Enjoying Music by Terrible People — Even John Mayer — Never Makes You a Bad Person

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John Mayer, bless him, has a new album out. As ever with Mayer, it comes with a side-serving of drama; he hasn’t said anything racist this time around, but the lead single may or may not be about Taylor Swift, and there are innumerable column inches devoted to what the record says about his relationship with Katy Perry. Sigh. The fact that Mayer can never be less than controversial has clearly gotten his fans feeling somewhat sensitive, so much so that The Atlantic published an article entitled, “Enjoying John Mayer’s New Album Does Not Make You a Bad Person.” Does it?

I don’t know John Mayer any more than you do, but he does seem like, well, a bit of a knob — this is the guy who memorably told Playboy that “my dick is sort of like a white supremacist,” and once said that he “[equates] dating a woman with punishment, shame, guilt, disappointment, reproach, reprimand, persecution.” Mayer isn’t the first artist to be a kinda shitty person, of course, and he won’t be the last — there’s something self-absorbed about self-expression, after all, and something inherently narcissistic about standing up on a stage and demanding that people listen to you expressing yourself. The debate about divorcing the art from the artist is as old as art itself, but really, it’s not a debate at all — you either like the art in question or you don’t.

With some artists, the process of liking the art is fairly easy, given that the artist’s personality doesn’t affect their work in an overtly recognizable manner. You can luxuriate in the wonderful music of Beethoven, say, without ever knowing that he was a legendarily cantankerous old bastard. Similarly, you can marvel at the imposing power of Wagner without knowing he was a raging anti-semite. You can even sing along to Gary Glitter’s “Rock and Roll,” a simple ode to the joys of rock and roll, and divorce yourself from the fact that he’s a recidivist pedophile.

With people like Mayer, it’s more difficult, because his songs are basically all about him and his life, and remain so with this record. The Atlantic, in fairness, acknowledge this — “In the old debate about separating the art from the artist, Mayer’s case is more nuanced because the two are so intertwined… his lyrics are often viscerally, clearly autobiographical.” Well, yeah. But then their writer goes on to argue that, hey, it doesn’t matter: “Mayer is embracing a persona that comfortably distances him and us from the Mayer of 2010… call it fake or forced, but in trying to separate artist from art, he’s giving us the out.”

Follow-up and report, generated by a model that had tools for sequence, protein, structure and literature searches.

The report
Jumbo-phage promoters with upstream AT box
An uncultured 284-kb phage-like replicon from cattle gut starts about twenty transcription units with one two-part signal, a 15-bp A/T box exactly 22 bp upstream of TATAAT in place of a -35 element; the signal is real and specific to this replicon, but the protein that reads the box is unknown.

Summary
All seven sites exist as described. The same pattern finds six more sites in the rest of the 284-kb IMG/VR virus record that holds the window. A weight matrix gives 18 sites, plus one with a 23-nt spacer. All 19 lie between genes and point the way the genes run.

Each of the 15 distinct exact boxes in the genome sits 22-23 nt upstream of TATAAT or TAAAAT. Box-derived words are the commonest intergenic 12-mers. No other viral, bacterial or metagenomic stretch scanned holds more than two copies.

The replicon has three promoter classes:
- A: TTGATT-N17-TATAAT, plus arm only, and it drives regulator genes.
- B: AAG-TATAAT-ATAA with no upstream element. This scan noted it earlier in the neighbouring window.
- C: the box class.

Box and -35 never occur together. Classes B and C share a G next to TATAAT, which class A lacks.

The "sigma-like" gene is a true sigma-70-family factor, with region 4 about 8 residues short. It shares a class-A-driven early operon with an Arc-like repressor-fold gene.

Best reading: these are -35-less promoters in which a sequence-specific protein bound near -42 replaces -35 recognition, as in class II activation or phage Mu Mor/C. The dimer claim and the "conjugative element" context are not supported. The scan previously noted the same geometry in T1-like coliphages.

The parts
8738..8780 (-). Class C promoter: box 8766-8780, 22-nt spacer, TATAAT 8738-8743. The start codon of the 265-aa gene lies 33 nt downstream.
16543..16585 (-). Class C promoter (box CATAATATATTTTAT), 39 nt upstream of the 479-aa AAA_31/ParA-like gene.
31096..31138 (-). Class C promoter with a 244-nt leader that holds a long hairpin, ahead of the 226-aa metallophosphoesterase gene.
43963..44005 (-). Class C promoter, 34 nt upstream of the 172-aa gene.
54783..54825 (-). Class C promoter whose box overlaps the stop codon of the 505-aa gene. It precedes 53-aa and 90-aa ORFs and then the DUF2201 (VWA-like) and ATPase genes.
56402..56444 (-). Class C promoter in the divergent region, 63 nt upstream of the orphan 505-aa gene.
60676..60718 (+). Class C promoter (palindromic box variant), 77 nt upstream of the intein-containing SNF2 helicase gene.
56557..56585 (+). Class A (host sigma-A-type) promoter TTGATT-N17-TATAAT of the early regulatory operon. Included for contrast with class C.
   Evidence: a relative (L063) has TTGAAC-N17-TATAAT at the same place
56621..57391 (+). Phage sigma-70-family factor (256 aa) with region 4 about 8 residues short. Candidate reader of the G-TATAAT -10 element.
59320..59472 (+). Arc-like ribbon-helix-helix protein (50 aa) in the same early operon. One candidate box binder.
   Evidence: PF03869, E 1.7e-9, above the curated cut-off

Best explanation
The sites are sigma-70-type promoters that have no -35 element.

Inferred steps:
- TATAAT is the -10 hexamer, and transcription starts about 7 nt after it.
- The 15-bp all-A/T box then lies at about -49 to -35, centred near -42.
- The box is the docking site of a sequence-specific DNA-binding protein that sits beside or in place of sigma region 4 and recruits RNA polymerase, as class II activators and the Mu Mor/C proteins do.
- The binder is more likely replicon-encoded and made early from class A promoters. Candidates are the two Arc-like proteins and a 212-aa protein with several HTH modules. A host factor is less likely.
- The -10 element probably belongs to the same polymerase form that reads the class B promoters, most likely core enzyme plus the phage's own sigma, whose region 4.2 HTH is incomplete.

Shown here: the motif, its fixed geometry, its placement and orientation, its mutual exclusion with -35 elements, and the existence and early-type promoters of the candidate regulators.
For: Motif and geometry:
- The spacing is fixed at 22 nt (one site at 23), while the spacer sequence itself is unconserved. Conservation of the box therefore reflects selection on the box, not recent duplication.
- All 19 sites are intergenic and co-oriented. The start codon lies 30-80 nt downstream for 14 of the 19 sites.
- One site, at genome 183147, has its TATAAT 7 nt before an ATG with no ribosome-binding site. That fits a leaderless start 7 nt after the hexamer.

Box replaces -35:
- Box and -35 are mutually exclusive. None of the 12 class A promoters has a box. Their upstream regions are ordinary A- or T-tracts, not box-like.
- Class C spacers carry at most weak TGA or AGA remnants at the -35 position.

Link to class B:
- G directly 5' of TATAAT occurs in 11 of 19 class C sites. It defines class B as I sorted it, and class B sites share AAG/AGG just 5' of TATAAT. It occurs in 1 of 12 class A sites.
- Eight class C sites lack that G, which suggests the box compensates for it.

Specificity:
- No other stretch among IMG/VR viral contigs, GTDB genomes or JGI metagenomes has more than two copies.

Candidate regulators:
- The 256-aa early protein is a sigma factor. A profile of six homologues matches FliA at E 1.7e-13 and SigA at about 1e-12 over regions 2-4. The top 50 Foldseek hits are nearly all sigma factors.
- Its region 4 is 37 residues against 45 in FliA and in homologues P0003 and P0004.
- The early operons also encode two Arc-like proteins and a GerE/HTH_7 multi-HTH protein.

Nope. Not when we’re talking about a man who dated someone 15 years his junior and then wrote a song that’s unabashedly about their relationship: “Paper Doll,” which just happens to be this album’s lead single and contains the line “You should have kept my undershirt.” Not when he previously derided her for doing the same thing, calling it “cheap songwriting.” Not when he’s also included his current girlfriend, Katy Perry, on this album, in a ballad so saccharine you could bottle it and put NutraSweet out of business forever. Mayer’s personality and personal life are as wrapped up in his lyrics as ever.

None of this, of course, is to say that enjoying his new record makes you a “bad person.” It makes you a person who likes guitar pyrotechnics — Mayer is, as The Atlantic point out, a very fine guitarist — and also sickly sweet love songs about celebrities. If that’s your bag, then you don’t need to spend a thousand words justifying it. I enjoy the music of Lou Reed, whose songs are also often clearly autobiographical, and whose notorious unpleasantness I have firsthand experience with. I even play Ted “I told Obama to suck on my machine gun” Nugent’s “Cat Scratch Fever” once in a while. It’s one of the enduring mysteries of creativity that people who are assholes can nevertheless make great art.

Whether you count Mayer among their number is ultimately subjective, nothing more, nothing less. The curious thing about The Atlantic‘s argument seems to be that without Mayer “giving us an out,” there would be some sort of moral ambiguity about enjoying his music. This is nonsense, really. There’s perhaps an argument to be made that giving financial support to an artist who’s an actual criminal is morally wrong — I won’t be buying up Gary Glitter’s back catalog any time soon, put it that way — but beyond that, who you choose to listen to is entirely up to you.

If you want to listen to John Mayer, then for goodness sake, go right ahead. You’re listening to the music of a man who’s one of many people in the music industry who’s probably not a particularly good person. You’re not going to hell for it — unless, of course, you consider hell to be a place where you have to hear “Your Body Is a Wonderland” multiple times, in which case, you’re already there.